If that psychology holds, then just because Job A doesn’t allow us to work on writing doesn’t mean we should remain unemployed if that’s causing issues for us. Once solid at Job A, we might have a better chance (and more experience) to land Job B, which might be better for our writing dreams.
In other words, sometimes our goals might take a multi-step approach, or we might not even see how Point A could get us to Point Z until we’re already there. For example, my last temp assignment turned into a real job that lasted two years and brought me into the non-fiction side of writing (technical and project writing). I couldn’t have planned that. LOL!
I’m not trying to put a too-happy face on your situation, as I know how much you struggle. But I just wanted to point out a way that a cut-and-dried perspective might affect our ability to see a bigger picture. *hugs* And good luck!
Awesome post! ?
Thank you, H.S.! 🙂
[…] we discussed last time, many writers have day jobs, and that’s just normal—not a sign of failure. We might also have family obligations that […]
As I mentioned on Facebook, I LOVE my potential day job that I’m studying for in my master’s program right now. (Counselling). It definitely would inform my writing because counselling and learning about counselling teaches you so much about personality, interpersonal relationships, social psychology, and much more stuff that’s clearly relevant to fiction writing. I adore psychology and counselling even independent from my writing, though. And as I said, I want to have a day job where I interact mostly with people rather than with written words, because facing words all day is too physically exhausting for me, no matter how much I love it. Writing is my favorite thing in the world, but I don’t want to do it 24/7, haha. I need a lot of breaks. Btw I have a non-writer who believed that most authors write full-time! And she believed that it’s impossible to have any time or energy to read and write if you have a full-time job already. Omg I told her that most authors are part-time, and that we all figure out ways to manage to read and write despite having day jobs. My friend was very surprised by this, but well, now she knows. Interestingly, a cousin of mine said that because her day job is so time and energy-consuming (as most jobs are), she has no time to read books. But then she adds, “Or maybe that’s just my excuse for not reading!” LOLL yes, I agree that that is an excuse… — Read More »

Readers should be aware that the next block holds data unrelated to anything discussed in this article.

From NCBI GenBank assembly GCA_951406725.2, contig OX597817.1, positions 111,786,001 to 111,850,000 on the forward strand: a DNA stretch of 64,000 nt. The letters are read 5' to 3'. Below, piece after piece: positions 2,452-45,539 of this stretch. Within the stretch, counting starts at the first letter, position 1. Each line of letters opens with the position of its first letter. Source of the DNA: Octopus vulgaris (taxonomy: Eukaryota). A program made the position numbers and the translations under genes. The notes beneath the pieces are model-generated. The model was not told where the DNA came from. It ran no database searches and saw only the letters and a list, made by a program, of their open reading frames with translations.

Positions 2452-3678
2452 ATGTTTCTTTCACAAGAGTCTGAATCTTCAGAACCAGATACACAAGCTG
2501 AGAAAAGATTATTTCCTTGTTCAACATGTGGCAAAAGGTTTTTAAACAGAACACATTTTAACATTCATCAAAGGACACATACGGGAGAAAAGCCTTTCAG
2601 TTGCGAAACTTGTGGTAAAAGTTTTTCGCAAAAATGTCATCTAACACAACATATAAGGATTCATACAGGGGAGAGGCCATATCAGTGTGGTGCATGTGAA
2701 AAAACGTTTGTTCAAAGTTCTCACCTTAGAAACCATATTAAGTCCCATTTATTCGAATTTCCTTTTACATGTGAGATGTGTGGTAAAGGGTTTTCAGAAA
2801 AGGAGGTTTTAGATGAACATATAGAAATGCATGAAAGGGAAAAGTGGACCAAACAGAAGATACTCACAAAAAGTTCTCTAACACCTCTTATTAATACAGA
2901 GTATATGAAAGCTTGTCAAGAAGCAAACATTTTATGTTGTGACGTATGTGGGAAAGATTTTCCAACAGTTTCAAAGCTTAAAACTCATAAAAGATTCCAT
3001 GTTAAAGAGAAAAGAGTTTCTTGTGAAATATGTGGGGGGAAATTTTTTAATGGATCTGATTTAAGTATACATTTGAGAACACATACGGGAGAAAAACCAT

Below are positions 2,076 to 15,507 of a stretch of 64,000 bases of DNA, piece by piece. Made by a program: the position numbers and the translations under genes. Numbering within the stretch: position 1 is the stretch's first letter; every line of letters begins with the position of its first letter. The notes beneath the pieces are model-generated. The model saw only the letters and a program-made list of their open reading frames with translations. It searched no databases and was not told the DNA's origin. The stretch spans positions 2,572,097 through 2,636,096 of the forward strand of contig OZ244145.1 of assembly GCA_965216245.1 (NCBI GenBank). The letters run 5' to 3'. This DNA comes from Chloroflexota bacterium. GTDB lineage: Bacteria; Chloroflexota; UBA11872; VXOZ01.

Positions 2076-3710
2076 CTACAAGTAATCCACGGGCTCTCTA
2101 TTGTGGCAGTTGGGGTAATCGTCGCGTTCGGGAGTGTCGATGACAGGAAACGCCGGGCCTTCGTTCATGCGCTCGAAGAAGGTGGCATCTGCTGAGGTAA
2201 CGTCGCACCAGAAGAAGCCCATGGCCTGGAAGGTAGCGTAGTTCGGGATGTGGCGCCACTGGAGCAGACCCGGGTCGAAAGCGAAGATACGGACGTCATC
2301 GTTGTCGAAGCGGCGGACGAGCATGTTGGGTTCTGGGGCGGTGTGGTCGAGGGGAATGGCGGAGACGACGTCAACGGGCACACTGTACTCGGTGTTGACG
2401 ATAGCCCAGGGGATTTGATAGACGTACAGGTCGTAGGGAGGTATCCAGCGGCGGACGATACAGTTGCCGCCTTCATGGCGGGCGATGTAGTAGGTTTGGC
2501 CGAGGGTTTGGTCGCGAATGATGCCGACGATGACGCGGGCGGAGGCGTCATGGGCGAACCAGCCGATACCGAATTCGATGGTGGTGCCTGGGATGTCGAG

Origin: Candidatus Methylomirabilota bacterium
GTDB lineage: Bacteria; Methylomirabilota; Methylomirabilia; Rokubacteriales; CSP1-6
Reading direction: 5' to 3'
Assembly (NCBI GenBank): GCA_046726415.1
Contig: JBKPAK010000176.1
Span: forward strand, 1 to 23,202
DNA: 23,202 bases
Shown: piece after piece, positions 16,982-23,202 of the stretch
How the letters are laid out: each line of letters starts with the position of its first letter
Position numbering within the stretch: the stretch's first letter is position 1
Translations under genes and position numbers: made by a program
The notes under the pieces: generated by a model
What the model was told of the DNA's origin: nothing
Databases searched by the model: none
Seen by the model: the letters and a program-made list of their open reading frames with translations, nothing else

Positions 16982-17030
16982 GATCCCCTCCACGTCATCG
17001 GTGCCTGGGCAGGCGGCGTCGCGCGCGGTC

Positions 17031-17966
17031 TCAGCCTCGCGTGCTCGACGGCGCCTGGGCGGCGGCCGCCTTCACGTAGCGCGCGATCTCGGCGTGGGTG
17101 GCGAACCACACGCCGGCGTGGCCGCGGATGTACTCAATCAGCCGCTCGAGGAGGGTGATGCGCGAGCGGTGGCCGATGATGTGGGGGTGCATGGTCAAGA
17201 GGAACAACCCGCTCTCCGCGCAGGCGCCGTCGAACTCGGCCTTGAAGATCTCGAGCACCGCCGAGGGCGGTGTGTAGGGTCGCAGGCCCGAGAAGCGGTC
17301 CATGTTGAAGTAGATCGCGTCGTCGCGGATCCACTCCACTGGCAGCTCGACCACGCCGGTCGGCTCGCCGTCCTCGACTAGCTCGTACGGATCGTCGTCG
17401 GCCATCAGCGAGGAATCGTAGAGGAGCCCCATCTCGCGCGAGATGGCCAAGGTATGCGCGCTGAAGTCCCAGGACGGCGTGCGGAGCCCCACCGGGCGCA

Great post and good advice in the comment section too. Thanks.
I am now self employed; when I was employed the boss was very demanding of my time and energy so I had little chance to read or write. I still did both.
I suggest having a portfolio career is good for a writer. That means you have several sources of income, like a part time job and an occasional job, as well as writing and selling books.
Getting out and meeting people and hearing their stories provides a huge fund of story ideas.
Maybe you worked in a variety of less successful jobs; but it’s all copy.
[…] Gold wrote a great post on the subject last week. She pointed out that a lot of writers have day jobs. And they’re wise to keep […]